HTC shows us some Gluuv
Finally, a functional Pip-Boy 3000 for the modern smartphone era. HTC’s new-and-almost-certainly-nonexistent Gluuv is a wearable glove that integrates seamlessly with the new HTC One (M8) smartphone. You can make Holocalls with friends, walk around like you did in the ’90s with the connected HTC BoomBass boombox, and take incredible selfies with the 87.2-megapixel wrist camera. The future of wearables is here—and all it takes is surrendering half your arm.
Samsung lets your Fingers do the talking
Not content to come out with its own versions of real products, Samsung is also aping other people’s April Fools’ Day pranks. It sees HTC’s Gluuv, and raises it with its own pretend whole-hand wearable, Samsung Fingers. Samsung’s gag product promises a flexible Super Emo-LED display that sits in the palm of your wrist and has super-advanced 5G technology for blazing fast data speeds. Talk to the Hand, Palm-Rec, Voice & Snap Amp, S-Charge, and advanced Gestures help you make the most out of your Samsung Fingers Experience. But, yeah, it’s probably made of plastic, so there’s that.
Virgin’s wearable feat
Wrist-worn wearables are so last week. Virgin Mobile wants to take the wearable revolution to your feet with Smart Kicks—available, theoretically, in both sneaker and stiletto versions. Virgin promises integrated Bluetooth speakers for listening to your music on the go, vibrating calendar reminders, and kinetic charging. Bonus: clicking the Smart-letto’s heels three times will automagically call home. At least it’s more stylish-looking than the actual wearable Google has produced.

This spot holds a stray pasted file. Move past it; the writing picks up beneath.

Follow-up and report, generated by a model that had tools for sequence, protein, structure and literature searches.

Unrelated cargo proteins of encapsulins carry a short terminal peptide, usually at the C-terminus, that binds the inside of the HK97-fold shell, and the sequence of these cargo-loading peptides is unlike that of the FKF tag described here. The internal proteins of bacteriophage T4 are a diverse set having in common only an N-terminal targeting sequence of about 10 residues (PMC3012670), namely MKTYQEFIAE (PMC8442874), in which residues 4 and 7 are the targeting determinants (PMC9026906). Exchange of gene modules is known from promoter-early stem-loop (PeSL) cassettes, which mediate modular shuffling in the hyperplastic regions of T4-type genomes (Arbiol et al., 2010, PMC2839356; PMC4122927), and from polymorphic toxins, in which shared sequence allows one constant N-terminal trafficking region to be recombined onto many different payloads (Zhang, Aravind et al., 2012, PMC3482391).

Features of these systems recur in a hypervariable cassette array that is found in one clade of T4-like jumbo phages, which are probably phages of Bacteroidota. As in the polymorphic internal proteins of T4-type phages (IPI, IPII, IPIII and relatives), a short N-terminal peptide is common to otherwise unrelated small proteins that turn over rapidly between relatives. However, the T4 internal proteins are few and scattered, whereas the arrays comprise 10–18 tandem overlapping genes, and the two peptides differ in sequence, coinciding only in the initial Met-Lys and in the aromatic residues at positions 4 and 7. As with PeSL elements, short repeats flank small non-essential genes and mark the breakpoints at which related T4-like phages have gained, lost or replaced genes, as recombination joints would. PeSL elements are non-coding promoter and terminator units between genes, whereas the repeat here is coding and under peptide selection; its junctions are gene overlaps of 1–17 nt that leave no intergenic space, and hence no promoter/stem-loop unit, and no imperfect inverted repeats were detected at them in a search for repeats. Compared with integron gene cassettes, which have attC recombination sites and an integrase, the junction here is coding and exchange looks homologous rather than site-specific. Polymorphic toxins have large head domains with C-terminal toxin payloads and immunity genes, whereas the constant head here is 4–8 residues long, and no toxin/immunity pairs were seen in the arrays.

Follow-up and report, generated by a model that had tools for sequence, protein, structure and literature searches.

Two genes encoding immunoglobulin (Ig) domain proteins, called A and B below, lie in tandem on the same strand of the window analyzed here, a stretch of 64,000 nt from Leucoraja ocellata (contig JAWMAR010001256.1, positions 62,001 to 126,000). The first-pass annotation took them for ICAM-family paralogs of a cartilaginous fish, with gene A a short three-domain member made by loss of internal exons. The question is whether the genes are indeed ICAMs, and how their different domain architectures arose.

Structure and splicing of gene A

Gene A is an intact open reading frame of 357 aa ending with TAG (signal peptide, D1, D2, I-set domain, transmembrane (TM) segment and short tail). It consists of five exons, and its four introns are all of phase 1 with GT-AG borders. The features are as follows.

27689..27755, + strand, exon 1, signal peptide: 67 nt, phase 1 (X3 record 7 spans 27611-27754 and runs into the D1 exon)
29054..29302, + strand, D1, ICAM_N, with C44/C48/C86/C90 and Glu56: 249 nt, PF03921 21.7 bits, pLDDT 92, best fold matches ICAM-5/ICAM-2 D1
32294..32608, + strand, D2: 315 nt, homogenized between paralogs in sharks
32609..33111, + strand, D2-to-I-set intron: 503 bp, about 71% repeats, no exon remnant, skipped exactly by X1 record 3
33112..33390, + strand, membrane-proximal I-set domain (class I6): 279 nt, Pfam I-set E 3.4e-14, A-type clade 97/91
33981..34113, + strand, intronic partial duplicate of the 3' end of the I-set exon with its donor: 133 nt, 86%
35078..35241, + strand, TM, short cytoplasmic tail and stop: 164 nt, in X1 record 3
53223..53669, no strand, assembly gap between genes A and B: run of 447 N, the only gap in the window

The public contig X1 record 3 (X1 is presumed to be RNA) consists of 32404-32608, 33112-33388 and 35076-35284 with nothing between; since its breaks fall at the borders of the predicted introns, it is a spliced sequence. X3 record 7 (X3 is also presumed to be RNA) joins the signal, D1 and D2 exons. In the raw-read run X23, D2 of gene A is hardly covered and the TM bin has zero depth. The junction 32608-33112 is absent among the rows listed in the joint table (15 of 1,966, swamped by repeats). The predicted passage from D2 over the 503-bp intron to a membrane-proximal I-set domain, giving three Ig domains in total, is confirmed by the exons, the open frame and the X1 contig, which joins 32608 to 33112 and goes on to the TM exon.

Something for twits
No April Fools’ Day would be complete without a wearable helmet. At least, that’s Twitter’s assumption with its Twitter Helmet, which promises a high-resolution display with a custom Aviary-inspired UI. Users will be able to instant-tweet via a simple pecking motion with their head. Add-ons include feather-shaped Wi-Fi and cellular signal boosters, carbon-fiber chinstrap with optional wattle-shaped microphone, and a hand-tooled leather case inspired by falconry hoods. And it’ll only set you back $139 of pretend money.